You’ve written many other songs for The Backyardigans and other popular TV series like Winx Club and Lazy Town. If you could pick another one of your songs to go viral next, which would it be and why?

If I were to pick another Backyardigans song to go viral, it would probably be 'The Yeti Stomp' from the Yeti episode. I like that it only mentions one particular move – “stomp, stomp, stomp” – but a dancer would then have to make up lots of other moves to go with the stomping. I’d love to see what they will come up with. 

If I were to pick a non-Backyardigans song, I’d pick 'Dinosnores' from 'The Book of Pooh' for a similar reason. The song describes several different kinds of dinosaurs, and I’d like to see what kinds of moves dancers would invent for each of them.  

Aside from music, you’re also an accomplished screenwriter for children’s TV, having worked on programmes like Arthur, The Book of Pooh and The New Mickey Mouse Club. In your opinion, what makes a good kids’ show?

A good kids’ TV show should have some real educational value – it should leave the viewer’s mind more enriched than before. At the same time, it should be so entertaining that it doesn’t feel “teach-y”. It should feel like a party, not like a classroom, but a kid should still learn something from it. And the music should be great! 

Of all the scripting, soundtracking and production projects that you’ve worked on over the years, which has been a personal favourite? 

My favourite changes all the time. At this moment, it’s probably 'The FurryTones'. That’s a musical adventure podcast that my friend Susan Clarke and I created in 2019 for Pinna, a subscription audio streaming service for kids.

It’s about four foxes who are in a band together. They live in the woods, and they get hired to play music at parties for other animals — a rabbit's graduation party, a snake's wedding, a sand crab's birthday party, a barn dance for pigs etc. In each episode, you can hear the band making up a new song for the upcoming occasion before performing it at the party towards the end. The show teaches kids about the process of songwriting. (And it’s also just full of a lot of silly animal jokes). The actors whom Pinna hired to play the foxes and the other animals did such a great job.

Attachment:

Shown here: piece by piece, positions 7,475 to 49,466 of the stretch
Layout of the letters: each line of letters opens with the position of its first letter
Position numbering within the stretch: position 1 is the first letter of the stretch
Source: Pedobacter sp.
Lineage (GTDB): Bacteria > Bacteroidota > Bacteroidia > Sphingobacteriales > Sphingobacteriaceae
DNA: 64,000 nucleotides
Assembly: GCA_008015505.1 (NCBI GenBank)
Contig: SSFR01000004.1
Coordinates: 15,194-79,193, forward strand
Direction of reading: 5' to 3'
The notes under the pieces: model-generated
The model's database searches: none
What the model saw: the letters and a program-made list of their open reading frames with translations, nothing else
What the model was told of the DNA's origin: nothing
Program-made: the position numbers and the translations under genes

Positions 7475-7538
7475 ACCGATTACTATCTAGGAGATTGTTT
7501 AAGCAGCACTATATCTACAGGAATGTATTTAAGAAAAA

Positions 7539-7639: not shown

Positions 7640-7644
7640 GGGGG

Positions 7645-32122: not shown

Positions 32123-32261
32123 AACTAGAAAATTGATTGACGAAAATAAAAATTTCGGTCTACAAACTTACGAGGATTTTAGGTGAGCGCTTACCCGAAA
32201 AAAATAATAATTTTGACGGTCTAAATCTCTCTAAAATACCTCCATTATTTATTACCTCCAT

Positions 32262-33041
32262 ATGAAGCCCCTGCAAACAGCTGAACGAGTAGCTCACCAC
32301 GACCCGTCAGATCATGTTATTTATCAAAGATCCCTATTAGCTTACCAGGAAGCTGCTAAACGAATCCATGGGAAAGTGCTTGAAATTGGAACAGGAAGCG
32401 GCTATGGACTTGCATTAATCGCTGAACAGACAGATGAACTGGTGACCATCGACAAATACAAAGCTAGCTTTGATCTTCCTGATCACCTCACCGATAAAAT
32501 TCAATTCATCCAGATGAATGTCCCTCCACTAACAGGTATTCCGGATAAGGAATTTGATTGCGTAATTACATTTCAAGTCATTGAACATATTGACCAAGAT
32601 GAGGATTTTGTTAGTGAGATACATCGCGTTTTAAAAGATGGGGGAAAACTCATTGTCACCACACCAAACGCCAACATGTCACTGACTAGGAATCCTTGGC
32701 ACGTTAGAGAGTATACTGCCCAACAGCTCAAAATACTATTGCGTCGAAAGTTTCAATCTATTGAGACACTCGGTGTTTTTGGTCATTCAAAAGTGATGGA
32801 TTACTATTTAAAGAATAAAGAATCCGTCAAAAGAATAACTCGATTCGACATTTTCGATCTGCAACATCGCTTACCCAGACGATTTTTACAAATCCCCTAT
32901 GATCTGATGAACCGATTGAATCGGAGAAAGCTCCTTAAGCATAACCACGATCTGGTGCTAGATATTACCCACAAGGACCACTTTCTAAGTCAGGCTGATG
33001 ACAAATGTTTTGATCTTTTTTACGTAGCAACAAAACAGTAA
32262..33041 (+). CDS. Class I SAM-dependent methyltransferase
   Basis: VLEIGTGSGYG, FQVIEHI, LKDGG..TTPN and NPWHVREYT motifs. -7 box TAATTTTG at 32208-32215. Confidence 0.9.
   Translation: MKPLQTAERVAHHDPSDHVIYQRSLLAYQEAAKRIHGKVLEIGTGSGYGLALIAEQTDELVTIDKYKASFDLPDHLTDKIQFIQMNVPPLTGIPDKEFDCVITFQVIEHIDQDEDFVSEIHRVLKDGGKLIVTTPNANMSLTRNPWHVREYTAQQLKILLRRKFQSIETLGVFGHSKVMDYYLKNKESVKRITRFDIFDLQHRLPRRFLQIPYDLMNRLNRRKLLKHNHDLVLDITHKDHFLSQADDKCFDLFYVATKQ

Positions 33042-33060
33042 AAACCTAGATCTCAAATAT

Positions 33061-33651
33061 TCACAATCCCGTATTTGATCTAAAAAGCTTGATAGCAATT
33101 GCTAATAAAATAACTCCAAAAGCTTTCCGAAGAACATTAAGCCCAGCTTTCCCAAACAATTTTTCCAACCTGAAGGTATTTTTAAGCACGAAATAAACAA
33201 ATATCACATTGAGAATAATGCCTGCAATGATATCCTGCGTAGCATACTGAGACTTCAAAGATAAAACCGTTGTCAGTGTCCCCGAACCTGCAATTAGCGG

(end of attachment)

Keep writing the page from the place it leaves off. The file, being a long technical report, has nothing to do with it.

Alternatively, I might also say that my favorite was 'Where in the World is Carmen Sandiego?', a funny game show that I worked on early in my career. It’s the first kids’ show I ever wrote for. I’m still friends with many of the people who worked on it. It started me off right!

What has been your proudest achievement in your media career thus far?

For some reason, I find this question difficult. I’ve written so many scripts and songs. I’ve worked on some shows that people remember fondly for decades, and other shows that came and went with almost no notice at all. Maybe my proudest achievement is simply that I’ve had fun working for about 30 years and have managed to make a living from it. 

Tell us more about what you’ve been busy with recently!

Most recently, I’ve been writing scripts for an animated series called Molly of Denali. It’s on PBS here in the USA. The show is about the life of a 10-year-old girl named Molly who lives in a small village in central Alaska with her family. Alaska Native culture has rarely been featured in American media, so many people have misconceptions about it. This show puts it in a contemporary light, showing how Molly’s life is similar to most kids’ in some ways, yet very different in others. The show is funny and smart, and I’ve learned so much from the staff’s Alaska Native writers and producers who guided our work. 

Also, for most of 2020, I was working as head writer on the new season of a Netflix animated kids’ show. The show’s new season hasn’t been officially announced yet, so I’m not allowed to tell you the title! But it’s a fun one.